Reopening Stronger Schools
“I have two children in New York City schools. There will be no recovery without schools being open and teaching children safely every day.”
I’m the proud parent of a New York City public school student, and I know the incredible job that our public school teachers do every day. I also know the incredible strain that school closures have put on families with limited child care resources and the impact that remote education has had on students’ learning and social development.
We need to help out families and ensure our children receive the best education possible by reopening schools as soon as is deemed safe. With what we’ve learned during the pandemic, let’s build a modern education system while ensuring that our children are caught up from any shortcomings they faced during this past year.
I want our teachers and administrators to feel supported, and I want them to have access to vaccines, PPE, and any other resources that make them feel safe in their work. And I know many teachers as well as kids and families are excited for schools to be open.
We have learned many lessons from the pandemic, and the policies detailed below will enable our city to reopen a school system that is stronger and more equitable than before the pandemic.
Before the school year, Mayor de Blasio committed to closing schools if COVID positive test rates climbed above 3 percent. When positive test rates breached this threshold, Mayor de Blasio first closed schools and then, a few days later, reopened them. The Mayor’s decision to update his policy to reflect data was a good one, especially since closing schools has been shown to lead to increased mental health issues for students and widening achievement gaps.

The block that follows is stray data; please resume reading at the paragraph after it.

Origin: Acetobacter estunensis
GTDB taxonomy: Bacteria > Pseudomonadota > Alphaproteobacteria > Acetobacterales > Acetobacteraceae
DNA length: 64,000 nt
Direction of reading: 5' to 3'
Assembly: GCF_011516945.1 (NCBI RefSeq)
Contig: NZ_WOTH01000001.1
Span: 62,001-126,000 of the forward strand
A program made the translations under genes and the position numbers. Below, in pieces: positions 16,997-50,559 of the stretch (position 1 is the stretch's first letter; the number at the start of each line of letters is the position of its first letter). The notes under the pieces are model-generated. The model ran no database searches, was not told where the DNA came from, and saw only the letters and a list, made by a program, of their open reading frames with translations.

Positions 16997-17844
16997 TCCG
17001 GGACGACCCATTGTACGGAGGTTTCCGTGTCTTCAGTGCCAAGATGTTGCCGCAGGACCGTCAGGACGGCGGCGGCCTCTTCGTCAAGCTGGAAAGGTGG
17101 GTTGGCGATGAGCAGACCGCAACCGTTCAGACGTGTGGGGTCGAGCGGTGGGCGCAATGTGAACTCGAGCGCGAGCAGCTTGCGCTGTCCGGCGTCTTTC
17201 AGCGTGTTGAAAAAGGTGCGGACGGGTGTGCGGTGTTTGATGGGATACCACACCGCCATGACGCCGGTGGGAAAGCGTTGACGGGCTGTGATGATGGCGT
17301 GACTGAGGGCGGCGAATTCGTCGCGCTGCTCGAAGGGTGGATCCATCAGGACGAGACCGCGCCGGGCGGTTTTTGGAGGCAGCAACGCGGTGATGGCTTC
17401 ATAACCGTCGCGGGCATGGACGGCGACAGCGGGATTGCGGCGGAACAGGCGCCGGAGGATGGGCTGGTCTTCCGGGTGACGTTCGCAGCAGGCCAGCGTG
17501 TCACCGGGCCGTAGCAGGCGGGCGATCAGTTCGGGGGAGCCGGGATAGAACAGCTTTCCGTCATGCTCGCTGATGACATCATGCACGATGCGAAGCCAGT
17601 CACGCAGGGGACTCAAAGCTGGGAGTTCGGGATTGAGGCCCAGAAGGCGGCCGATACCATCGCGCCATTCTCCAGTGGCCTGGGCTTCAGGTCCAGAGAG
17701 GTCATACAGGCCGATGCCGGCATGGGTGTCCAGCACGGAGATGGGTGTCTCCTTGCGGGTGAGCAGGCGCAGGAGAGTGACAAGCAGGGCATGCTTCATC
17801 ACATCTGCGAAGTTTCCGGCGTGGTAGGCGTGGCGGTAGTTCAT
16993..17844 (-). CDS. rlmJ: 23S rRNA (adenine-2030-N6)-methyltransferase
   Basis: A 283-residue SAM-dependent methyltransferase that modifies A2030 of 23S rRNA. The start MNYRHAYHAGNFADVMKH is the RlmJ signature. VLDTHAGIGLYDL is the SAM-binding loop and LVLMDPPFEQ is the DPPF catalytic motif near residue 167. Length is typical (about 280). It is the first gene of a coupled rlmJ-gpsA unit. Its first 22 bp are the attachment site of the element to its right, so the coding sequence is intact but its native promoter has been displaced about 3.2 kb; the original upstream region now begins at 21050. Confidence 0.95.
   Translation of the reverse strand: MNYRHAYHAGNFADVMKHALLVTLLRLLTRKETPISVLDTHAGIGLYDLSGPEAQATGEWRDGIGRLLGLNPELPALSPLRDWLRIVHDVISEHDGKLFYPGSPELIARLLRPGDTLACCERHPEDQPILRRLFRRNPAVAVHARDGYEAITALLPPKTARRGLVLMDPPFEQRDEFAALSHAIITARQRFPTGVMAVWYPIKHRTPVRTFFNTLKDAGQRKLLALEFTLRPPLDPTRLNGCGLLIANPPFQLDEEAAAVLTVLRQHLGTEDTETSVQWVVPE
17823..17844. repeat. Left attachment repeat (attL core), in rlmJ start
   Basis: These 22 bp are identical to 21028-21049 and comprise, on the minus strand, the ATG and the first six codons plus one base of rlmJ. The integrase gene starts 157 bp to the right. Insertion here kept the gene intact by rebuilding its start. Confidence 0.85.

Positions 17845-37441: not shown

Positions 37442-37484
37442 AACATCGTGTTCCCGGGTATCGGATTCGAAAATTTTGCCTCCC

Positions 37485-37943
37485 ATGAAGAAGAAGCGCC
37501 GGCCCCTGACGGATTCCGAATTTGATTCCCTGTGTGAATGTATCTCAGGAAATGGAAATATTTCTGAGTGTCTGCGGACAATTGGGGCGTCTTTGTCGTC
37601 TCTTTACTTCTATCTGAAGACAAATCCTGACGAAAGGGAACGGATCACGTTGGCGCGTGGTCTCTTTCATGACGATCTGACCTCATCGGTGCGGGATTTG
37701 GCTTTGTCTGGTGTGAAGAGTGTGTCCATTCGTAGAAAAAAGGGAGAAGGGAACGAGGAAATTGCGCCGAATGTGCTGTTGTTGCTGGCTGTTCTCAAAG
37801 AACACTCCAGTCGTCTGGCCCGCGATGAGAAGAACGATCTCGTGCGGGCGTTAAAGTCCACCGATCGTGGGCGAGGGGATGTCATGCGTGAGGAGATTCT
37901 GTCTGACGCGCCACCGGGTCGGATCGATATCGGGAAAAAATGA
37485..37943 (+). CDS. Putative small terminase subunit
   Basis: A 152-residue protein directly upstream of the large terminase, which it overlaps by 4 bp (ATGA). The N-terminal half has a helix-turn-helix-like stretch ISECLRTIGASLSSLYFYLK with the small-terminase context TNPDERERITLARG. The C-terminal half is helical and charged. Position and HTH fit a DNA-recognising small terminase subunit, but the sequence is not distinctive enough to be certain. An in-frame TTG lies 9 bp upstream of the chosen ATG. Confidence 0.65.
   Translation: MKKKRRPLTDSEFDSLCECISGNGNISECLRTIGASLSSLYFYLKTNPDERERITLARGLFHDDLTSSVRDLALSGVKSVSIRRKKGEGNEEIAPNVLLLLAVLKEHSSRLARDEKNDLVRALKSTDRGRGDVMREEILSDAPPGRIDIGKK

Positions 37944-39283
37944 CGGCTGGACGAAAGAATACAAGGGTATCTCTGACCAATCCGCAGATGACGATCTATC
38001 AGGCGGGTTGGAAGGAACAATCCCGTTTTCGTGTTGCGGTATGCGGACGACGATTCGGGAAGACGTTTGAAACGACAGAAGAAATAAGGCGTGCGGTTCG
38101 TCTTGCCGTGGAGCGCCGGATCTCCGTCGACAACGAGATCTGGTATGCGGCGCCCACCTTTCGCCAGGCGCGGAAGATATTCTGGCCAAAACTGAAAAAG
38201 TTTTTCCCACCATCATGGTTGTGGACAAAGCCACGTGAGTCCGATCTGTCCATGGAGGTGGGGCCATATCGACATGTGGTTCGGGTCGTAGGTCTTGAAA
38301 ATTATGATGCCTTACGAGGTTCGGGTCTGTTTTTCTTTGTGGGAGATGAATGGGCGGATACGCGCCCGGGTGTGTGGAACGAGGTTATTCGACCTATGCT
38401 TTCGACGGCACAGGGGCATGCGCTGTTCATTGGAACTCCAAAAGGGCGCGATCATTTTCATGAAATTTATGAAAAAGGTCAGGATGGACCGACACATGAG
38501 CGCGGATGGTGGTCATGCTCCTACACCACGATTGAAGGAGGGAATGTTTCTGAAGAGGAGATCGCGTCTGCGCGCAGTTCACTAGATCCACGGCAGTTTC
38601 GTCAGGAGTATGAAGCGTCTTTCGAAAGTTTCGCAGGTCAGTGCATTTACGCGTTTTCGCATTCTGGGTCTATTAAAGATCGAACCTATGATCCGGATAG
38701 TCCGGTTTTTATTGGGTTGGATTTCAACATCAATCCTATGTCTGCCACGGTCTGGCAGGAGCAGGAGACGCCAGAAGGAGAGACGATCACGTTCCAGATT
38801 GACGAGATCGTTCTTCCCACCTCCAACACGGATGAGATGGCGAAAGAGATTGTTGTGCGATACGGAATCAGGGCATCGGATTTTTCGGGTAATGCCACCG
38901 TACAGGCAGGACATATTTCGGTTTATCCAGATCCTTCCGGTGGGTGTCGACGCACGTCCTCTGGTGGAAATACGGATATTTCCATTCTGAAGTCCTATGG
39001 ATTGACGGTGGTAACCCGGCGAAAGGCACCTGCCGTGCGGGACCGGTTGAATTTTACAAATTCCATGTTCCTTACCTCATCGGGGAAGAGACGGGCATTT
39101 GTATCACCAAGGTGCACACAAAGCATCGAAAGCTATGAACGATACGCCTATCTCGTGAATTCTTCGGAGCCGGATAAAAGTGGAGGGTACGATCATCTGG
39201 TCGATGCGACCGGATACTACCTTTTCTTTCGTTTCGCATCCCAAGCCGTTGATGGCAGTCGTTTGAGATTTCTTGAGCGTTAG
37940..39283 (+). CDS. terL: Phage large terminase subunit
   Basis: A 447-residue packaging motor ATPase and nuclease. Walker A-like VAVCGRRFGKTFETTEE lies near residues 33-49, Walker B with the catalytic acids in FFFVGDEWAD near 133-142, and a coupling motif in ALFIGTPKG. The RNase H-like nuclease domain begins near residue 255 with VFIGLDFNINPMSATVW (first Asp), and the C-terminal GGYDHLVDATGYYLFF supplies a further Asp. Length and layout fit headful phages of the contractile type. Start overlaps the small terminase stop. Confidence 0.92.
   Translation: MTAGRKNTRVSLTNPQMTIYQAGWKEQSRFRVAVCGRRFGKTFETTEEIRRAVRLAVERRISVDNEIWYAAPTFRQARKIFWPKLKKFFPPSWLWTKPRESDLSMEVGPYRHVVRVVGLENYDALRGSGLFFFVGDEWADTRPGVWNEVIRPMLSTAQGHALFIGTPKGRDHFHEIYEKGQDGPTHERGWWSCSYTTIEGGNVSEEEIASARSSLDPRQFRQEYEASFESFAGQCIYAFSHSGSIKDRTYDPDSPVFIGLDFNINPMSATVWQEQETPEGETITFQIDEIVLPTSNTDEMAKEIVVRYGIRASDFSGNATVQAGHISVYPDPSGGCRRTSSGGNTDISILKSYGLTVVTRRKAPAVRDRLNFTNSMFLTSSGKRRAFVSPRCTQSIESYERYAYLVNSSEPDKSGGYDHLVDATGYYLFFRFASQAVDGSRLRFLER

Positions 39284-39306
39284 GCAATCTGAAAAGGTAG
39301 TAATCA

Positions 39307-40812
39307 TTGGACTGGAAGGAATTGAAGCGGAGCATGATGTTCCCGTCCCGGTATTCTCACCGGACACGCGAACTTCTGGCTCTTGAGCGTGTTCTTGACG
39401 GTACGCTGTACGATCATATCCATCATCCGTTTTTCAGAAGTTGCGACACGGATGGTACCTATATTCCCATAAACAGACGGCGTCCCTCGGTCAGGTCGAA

Schools aren’t just important for education and socialization; they feed students and are a hub for social services. And, when school is closed, working parents need to worry about childcare. We need to continue to invest in PPE and other resources so teachers, families and school employees feel safe to open schools.
Create bridge programming for students who need it.
COVID has been hard on all students, and even more so for those with different learning needs. If there are more school closings, these students should be prioritized for in-person learning and we need bridge programming (i.e., extra/review sessions after normal school hours and even during the summer) to help these students catch up.
Additionally, the city has 142,000 English-language learners. In-person learning is even more important for these students, who benefit from the context clues of body language and a physical environment to build English skills. Similarly, the city has more than 20,000 District 75 students with special needs and more than 200,000 students with Individualized Education Programs to manage learning disabilities.
On top of that, ask a teacher whether all their students are learning as well during the pandemic, and you’ll hear many sad stories of students who are falling through the cracks. We need to assess the shortcomings faced by our children due to the extended period of remote learning and invest in helping them make up for lost time in their education, before they fall further behind and see an increased risk of failing to complete their education.
Subsidize broadband and other tech solutions.